Modeling the Growth of Listeria monocytogenes in Cured Ready-to-Eat Processed Meat Products by Manipulation of Sodium Chloride, Sodium Diacetate, Potassium Lactate, and Product Moisture Content

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A central composite second-order response surface design was employed to determine the influences of added sodium chloride (0.8 to 3.6%), sodium diacetate (0 to 0.2%), potassium lactate syrup (0.25 to 9.25%), and finished-product moisture (45.5 to 83.5%) on the predicted growth rate of Listeria monocytogenes in cured ready-to-eat (RTE) meat products. Increased amounts of both sodium diacetate (P < 0.11) and potassium lactate (P < 0.001) resulted in significant reductions in the growth rate constants of L. monocytogenes. Increased finished-product moisture (P < 0.11) significantly increased growth rate constants. The influence of sodium chloride was not statistically significant. The second-order statistical factor for lactate was significant (P < 0.01), but all two-way interactions were not. In general, predicted growth rates exceeded actual growth rates obtained from inoculation studies of four cured RTE meat products (wieners, smoked-cooked ham, light bologna, and cotto salami). The final model will be useful to food technologists in determining formulations that will result in finished cured RTE meat products in which L. monocytogenes is not likely to grow.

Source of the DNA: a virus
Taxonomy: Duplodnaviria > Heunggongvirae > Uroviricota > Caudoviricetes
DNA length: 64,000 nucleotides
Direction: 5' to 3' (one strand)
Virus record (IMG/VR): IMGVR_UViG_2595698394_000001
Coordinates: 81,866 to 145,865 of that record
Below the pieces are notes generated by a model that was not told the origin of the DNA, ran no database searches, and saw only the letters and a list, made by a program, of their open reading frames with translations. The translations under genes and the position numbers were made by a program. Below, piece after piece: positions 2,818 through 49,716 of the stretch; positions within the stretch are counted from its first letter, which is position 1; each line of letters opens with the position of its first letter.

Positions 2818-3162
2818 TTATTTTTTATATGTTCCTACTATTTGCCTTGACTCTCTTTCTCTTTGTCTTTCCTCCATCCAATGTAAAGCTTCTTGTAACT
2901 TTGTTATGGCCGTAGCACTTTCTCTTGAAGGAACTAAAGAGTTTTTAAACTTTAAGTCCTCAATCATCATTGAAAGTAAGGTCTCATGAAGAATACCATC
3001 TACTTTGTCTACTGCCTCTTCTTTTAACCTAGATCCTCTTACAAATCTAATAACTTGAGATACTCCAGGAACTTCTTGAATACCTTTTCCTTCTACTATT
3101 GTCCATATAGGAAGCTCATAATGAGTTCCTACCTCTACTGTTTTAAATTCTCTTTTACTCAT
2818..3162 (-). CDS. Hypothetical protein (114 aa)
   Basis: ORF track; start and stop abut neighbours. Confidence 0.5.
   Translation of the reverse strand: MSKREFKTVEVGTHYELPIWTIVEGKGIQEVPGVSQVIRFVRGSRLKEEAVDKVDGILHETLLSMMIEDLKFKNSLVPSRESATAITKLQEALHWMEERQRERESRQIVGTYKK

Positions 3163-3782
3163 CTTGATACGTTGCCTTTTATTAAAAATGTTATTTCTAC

Document Type: Research Article

Affiliations: 1: Oscar Mayer Foods Division, Kraft Foods North America, Inc., 910 Mayer Avenue, Madison, Wisconsin 53707, USA 2: Kraft Foods, Inc., Madison WI 53707, USA 3: Kraft Foods, Inc., Glenview, Illinois

Publication date: April 1, 2002

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    First published in 1937, the Journal of Food Protection®, is a refereed monthly publication. Each issue contains scientific research and authoritative review articles reporting on a variety of topics in food science pertaining to food safety and quality. The Journal is internationally recognized as the leading publication in the field of food microbiology with a readership exceeding 11,000 scientists from 70 countries. The Journal of Food Protection® is indexed in Index Medicus, Current Contents, BIOSIS, PubMed, Medline, and many others.

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